If these results can be generalized to provide evidence for reciprocal signaling across different tumor types, “they could call into question the way that almost all cancer drug screens are performed, as well as many other conclusions that researchers draw from studying tumor cells in isolation,” said Daniel Gallahan, Ph.D., deputy director of NCI’sDivision of Cancer Biology.

“These results highlight the need to study cancer systematically in its ‘native’ environment, where tumor cells are able to communicate and respond to a variety of outside signals to enhance their growth,” Dr. Gallahan continued. “Through better understanding of the entire tumor ecosystem, there is potential for developing new therapeutic regimens designed to disrupt multiple processes, not just at the level of the tumor cell but also at other critical and potentially more targetable points.”

‘Three’s Company’: SpaceX’s 3 Landed Rockets Cozy Up (Photos)

'Three's Company': SpaceX's 3 Landed Rockets Cozy Up (Photos)

The three Falcon 9 first stages that SpaceX has successfully brought back down to Earth sit in a hangar at Kennedy Space Center’s Launch Complex 39A on May 14, 2016.

Credit: SpaceX

New SpaceX photos show three big pieces of spaceflight history sitting side by side by side.

The images, which were taken on Saturday (May 14), show the three Falcon 9 rockets that SpaceX has successfully brought back to Earth arrayed next to each other in a hangar at Launch Complex 39A, which is part of NASA’s Kennedy Space Center in Florida.

SpaceX CEO and founder Elon Musk posted one of the new photos Sunday (May 15) via his Twitter account, @elonmusk, along with a pithy description: “Three’s company.”

Shot of SpaceX’s three landed Falcon 9 first stages in a hangar at Kennedy Space Center’s Launch Complex 39A. Photo taken May 14, 2016.

Shot of SpaceX’s three landed Falcon 9 first stages in a hangar at Kennedy Space Center’s Launch Complex 39A. Photo taken May 14, 2016.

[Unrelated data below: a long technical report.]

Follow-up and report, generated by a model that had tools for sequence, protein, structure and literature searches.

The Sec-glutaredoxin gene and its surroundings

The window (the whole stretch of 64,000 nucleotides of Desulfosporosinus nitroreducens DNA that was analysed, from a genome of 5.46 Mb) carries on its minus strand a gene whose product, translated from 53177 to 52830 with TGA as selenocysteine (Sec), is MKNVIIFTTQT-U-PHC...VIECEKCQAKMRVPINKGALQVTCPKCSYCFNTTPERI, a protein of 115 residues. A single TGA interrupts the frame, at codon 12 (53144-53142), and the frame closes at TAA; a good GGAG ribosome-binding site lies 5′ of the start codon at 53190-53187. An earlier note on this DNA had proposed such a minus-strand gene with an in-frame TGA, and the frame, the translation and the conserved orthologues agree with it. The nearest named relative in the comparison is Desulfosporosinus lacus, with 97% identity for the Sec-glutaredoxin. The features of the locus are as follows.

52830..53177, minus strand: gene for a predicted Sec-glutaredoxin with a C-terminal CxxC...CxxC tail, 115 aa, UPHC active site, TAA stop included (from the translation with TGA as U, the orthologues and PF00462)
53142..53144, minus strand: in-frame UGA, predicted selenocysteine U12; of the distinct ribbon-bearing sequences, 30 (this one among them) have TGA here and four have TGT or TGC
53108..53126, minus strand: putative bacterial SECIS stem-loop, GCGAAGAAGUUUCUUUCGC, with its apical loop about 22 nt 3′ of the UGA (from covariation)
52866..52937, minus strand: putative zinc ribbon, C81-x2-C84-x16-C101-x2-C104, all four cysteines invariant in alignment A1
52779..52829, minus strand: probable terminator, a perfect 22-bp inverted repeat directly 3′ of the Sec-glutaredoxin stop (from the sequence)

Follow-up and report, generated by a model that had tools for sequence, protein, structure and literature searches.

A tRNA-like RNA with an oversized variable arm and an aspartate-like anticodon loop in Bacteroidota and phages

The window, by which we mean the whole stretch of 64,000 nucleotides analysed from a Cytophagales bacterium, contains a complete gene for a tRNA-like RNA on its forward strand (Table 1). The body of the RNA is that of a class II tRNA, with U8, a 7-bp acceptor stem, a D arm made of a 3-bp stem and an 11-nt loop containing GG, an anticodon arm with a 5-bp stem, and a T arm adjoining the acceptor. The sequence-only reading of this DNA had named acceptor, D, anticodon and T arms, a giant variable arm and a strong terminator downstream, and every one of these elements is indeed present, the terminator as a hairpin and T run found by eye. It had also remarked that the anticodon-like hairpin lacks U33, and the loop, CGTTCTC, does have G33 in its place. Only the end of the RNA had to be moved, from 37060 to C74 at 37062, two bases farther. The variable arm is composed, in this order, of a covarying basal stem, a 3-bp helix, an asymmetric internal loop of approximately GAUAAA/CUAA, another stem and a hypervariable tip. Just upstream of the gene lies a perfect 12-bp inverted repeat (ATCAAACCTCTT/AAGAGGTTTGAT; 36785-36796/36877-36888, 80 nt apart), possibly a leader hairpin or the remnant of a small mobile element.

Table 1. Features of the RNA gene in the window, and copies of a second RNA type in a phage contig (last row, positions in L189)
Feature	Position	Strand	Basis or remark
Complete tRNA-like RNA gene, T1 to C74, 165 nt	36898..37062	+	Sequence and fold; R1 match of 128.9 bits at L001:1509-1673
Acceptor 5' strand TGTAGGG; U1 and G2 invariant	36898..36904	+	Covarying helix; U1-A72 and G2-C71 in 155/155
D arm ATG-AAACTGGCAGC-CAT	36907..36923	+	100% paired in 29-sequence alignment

Credit: SpaceX

SpaceX is working to develop fully and rapidly reusable rockets, technology that Musk has said could reduce the cost of spaceflight by a factor of 100. The three boosters in the hangar at 39A — which are the big first stages of the two-stage Falcon 9 — are part of that development effort.

One of the boosters landed at Florida’s Cape Canaveral Air Force Station in December during the launch of 11 communications satellites for SpaceX customer Orbcomm, becoming the first rocket ever to touch down softly during an orbital liftoff. (Blue Origin, the company led by founder Jeff Bezos, successfully landed its New Shepard rocket a month earlier, but that milestone occurred during a suborbital test flight.)

The other two Falcon 9 first stages came down at sea, landing on the deck of a robotic ship called “Of Course I Still Love You” that SpaceX had stationed several hundred miles off the Florida coast.

Close-up view of one of SpaceX’s three landed Falcon 9 first stages. Photo taken inside a hangar at Kennedy Space Center’s Launch Complex 39A on May 14, 2016.

Close-up view of one of SpaceX’s three landed Falcon 9 first stages. Photo taken inside a hangar at Kennedy Space Center’s Launch Complex 39A on May 14, 2016.

Credit: SpaceX

These “drone ship” landings came on April 8, during the launch of SpaceX’s robotic Dragon cargo capsule toward the International Space Station (ISS); and May 6, during the launch of the Japanese communications satellite JCSAT-14. (Such landings occur while the Falcon 9’s second stage is still carrying the payload to orbit, so “during the launch” is appropriate wording, even if it sounds a bit weird.)